Tuesday, 20 December 2016

Capital Celluloid 2017 - Day 3: Tue Jan 3

Charley Varrick (Siegel, 1973) & Pulp Fiction (Tarantino, 1994):
Prince Charles Cinema, 6.30pm



This pair of 35mm screenings is part of the Prince Charles 'Double Features' season. Details here.

Chicago Reader review of Charley Varrick:
Don Siegel wants to turn the tables on the paranoid fantasies that have animated some of his best films (Invasion of the Body Snatchers, Madigan, Dirty Harry), but he never lets this get in the way of his impressive sense of humor and undisputed mastery at constructing an action film. Walter Matthau stars as a small-timer who unwittingly rips off a Mafia bank in a routine, low-budget heist and spends the rest of the film outwitting hit man Joe Don Baker and Mafia lieutenant John Vernon. This 1973 feature is one of the finest examples of action montage from its period, a dynamite piece of work.
Don Druker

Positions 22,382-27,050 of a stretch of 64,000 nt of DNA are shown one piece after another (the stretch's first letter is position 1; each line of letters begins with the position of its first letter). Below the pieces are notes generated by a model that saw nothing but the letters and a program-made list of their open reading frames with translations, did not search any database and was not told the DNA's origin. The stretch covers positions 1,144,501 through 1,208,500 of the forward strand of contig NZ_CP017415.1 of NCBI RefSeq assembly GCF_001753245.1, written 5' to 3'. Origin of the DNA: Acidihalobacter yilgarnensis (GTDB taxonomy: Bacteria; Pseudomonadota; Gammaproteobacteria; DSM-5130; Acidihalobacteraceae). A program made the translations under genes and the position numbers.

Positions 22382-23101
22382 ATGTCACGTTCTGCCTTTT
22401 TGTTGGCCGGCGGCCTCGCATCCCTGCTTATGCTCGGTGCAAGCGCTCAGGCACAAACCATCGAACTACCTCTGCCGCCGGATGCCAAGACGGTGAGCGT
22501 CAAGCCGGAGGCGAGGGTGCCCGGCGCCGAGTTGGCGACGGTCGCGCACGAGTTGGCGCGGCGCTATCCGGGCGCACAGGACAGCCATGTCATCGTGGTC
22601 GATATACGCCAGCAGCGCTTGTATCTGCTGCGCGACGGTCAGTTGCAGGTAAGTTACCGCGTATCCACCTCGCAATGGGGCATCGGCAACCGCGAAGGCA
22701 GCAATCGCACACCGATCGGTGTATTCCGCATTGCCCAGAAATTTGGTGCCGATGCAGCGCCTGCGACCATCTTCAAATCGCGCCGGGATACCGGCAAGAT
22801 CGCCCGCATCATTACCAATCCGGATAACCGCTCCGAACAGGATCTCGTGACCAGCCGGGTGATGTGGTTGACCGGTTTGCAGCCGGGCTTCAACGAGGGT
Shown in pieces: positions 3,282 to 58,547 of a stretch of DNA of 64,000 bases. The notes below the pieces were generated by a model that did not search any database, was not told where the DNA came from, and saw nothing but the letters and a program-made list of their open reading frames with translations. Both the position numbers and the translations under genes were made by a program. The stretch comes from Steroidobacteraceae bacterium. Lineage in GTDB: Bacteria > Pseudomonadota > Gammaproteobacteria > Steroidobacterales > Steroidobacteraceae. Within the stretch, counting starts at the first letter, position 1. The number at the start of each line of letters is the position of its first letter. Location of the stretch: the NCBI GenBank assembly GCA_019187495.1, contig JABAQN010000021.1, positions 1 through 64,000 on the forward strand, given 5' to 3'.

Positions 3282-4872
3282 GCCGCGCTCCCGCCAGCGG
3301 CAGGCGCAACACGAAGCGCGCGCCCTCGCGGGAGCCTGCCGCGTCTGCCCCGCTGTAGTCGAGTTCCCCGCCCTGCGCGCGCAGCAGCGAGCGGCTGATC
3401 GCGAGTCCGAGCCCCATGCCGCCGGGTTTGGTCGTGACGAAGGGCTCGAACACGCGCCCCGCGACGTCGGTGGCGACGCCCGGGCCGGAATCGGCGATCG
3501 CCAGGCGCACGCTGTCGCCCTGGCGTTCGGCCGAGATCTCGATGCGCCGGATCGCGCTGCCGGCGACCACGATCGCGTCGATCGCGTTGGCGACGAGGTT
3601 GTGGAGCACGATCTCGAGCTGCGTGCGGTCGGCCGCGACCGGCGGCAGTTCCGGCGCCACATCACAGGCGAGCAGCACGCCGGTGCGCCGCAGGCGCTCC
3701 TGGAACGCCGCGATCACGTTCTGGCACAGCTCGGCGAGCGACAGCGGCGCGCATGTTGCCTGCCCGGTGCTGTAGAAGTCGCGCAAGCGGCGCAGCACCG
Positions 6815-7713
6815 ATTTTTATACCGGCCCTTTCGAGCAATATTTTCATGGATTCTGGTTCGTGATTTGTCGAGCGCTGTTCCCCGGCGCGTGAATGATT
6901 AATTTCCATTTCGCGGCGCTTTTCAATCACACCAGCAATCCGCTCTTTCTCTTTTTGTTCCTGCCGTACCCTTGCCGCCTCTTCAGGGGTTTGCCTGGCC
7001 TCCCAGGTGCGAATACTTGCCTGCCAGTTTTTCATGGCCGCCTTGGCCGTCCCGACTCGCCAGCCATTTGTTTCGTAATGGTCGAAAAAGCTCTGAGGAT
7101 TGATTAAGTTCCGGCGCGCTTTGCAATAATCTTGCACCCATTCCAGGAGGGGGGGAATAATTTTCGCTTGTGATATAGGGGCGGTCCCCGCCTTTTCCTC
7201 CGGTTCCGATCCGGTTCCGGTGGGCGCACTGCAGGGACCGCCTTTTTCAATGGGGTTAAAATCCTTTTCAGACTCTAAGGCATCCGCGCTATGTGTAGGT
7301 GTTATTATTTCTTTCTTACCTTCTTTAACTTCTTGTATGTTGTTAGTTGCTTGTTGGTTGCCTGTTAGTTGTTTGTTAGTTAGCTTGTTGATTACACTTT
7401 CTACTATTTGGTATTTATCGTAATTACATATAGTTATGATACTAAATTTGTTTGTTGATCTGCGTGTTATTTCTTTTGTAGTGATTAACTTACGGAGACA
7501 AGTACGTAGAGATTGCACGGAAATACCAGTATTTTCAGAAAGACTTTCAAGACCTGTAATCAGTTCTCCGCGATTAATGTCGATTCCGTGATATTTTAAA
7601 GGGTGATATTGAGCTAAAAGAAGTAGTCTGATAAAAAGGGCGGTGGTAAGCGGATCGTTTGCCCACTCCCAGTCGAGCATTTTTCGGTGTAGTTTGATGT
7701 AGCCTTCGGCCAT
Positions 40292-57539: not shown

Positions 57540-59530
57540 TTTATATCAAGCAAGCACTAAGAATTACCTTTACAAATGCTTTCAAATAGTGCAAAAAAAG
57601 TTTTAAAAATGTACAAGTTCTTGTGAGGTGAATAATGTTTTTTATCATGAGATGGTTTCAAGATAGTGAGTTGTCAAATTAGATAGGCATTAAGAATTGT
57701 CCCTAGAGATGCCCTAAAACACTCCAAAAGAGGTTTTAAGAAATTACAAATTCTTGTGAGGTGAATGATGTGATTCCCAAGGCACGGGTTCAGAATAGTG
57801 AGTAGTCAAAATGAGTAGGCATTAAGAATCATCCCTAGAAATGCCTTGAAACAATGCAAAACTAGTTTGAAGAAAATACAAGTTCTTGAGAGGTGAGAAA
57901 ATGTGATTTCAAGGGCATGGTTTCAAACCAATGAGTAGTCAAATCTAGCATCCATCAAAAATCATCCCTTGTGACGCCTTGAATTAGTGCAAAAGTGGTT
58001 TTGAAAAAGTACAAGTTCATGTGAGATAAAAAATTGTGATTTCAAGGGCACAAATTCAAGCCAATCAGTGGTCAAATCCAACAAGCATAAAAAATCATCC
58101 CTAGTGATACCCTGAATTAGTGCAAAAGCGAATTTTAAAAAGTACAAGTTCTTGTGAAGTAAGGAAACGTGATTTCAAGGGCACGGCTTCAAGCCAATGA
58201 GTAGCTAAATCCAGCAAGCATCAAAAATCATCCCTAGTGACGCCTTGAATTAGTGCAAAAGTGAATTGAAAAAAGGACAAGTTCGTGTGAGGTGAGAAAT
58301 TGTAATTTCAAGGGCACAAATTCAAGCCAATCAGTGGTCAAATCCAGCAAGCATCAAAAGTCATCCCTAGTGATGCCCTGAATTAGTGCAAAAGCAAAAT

Here (and above) is the trailer.  

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Time Out review of Pulp Fiction:
A sprawling, discursive fresco: three stories bookended by a prologue and epilogue. In the first story, a mobster (John Travolta) is charged with looking after the irresponsible wife (Uma Thurman) of his vengeful boss. In the second, a washed-up boxer (Willis) tries to trick the Mob by failing to throw a fight. And in the third, two hitmen (Travolta and Jackson) carry out a job, only to call on the services of a 'cleaner' (Harvey Keitel) when it gets messier than planned. It's the way Tarantino embellishes and, finally, interlinks these old chestnuts that makes the film alternately exhilarating and frustrating. There's plenty of sharp, sassy, profane dialogue, and there are plenty of acute, funny references to pop culture, though the talk sometimes delays the action, and the references sometimes seem self-consciously arch. And there are, too, the sudden lurches between humour and violence - shocking, but without moral depth. What writer/director Tarantino lacks, as yet, is the maturity to invest his work with anything that might provoke a heartfelt emotional response to his characters. Very entertaining, none the less.
Geoff Andrew

Here is the trailer.

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